In a sign of the urgent and possibly unplanned nature of the investigation, the Ministry of Public Security said in an announcement that top ministry officials met in the early hours of Monday to discuss Meng's case. The announcement said Meng was being investigated for accepting bribes and other crimes that were a result of his "willfulness."
"We should deeply recognize the serious damage that Meng Hongwei's bribe-taking and suspected violations of the law have caused the party and the cause of public security and deeply learn from this lesson," said the announcement about the meeting, chaired by Minister Zhao Lezhi.
Meng is the latest high-ranking official to fall victim to a sweeping crackdown by the ruling Communist Party on graft and perceived disloyalty. Most officials investigated by anti-graft authorities are quietly spirited away for questioning, cut off from contact from their families and not allowed access to lawyers, sometimes for months.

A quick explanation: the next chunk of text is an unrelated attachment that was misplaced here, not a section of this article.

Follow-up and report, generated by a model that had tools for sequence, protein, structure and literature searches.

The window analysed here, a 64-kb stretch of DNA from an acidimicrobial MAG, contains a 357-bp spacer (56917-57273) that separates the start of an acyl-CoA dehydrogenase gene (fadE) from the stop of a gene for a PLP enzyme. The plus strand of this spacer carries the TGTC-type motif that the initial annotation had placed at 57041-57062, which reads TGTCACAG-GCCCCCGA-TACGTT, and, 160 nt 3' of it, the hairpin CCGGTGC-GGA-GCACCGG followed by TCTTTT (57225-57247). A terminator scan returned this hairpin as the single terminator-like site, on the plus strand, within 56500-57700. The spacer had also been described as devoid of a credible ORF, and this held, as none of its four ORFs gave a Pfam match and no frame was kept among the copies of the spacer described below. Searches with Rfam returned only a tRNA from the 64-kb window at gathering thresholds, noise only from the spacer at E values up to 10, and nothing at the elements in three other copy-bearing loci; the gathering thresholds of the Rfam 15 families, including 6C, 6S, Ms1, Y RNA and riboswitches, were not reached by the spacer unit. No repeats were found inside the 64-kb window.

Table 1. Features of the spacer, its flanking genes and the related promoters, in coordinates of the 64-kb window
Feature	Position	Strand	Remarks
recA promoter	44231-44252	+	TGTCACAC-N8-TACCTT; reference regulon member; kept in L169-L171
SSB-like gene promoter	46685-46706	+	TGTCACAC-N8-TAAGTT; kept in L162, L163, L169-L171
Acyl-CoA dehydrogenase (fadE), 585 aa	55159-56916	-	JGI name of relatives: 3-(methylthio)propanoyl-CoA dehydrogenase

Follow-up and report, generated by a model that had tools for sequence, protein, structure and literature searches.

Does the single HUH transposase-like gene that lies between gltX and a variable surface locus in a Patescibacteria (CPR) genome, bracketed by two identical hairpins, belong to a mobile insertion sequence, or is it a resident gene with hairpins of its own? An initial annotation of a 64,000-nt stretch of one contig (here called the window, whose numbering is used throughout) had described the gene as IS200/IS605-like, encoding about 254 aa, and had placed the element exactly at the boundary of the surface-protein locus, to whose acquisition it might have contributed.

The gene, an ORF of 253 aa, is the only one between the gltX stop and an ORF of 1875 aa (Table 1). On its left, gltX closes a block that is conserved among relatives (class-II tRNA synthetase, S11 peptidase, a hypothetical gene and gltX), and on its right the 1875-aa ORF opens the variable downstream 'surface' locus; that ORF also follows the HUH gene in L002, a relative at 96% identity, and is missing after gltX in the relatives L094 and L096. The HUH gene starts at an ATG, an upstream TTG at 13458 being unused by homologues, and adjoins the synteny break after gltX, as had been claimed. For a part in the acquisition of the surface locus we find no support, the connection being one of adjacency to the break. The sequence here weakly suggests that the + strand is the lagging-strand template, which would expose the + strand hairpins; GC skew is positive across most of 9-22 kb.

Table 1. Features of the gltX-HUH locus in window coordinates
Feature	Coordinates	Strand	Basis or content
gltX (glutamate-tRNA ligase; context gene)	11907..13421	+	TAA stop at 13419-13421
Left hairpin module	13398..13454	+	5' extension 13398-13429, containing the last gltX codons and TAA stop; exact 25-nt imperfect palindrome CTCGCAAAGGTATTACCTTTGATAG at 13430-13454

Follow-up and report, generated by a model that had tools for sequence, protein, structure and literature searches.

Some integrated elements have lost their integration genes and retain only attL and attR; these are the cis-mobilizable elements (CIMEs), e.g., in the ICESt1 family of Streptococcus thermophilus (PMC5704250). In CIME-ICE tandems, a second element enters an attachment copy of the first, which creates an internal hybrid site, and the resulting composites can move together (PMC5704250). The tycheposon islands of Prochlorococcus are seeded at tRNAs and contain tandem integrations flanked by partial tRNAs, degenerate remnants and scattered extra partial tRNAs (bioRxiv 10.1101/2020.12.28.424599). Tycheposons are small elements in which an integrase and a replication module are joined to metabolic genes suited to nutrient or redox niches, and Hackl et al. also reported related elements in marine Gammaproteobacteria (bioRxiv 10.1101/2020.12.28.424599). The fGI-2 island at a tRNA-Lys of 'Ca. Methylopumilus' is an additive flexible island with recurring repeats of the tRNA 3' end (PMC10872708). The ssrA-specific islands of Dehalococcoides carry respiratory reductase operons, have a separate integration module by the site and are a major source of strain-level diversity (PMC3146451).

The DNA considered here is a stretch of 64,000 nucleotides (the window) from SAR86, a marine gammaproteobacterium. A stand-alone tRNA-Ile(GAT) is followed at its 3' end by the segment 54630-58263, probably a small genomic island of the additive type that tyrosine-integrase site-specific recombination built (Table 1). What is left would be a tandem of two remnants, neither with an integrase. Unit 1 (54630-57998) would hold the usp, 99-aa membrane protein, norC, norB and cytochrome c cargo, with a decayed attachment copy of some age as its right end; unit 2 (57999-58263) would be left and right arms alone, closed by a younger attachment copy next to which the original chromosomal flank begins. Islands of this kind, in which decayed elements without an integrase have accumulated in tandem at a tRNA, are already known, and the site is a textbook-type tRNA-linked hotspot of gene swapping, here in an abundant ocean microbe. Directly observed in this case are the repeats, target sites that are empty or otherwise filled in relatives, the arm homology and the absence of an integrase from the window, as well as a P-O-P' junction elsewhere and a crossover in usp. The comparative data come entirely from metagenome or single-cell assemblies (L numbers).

But that wasn't how it played out with Meng, 64, whose unexplained disappearance while on a trip home to China late last month prompted the French police to launch an investigation. The French government and Interpol also made their concerns known publicly in recent days.
By late Sunday night, China issued a terse announcement that Meng was in the custody of party investigators, and shortly after, Interpol said Meng had resigned as the international police agency's president. Meng could not be reached for comment.
The revelation that Chinese authorities would be bold enough to forcibly make even a senior public security official with international stature disappear has cast a shadow over the image Beijing has sought to cultivate as a modern country with the rule of law.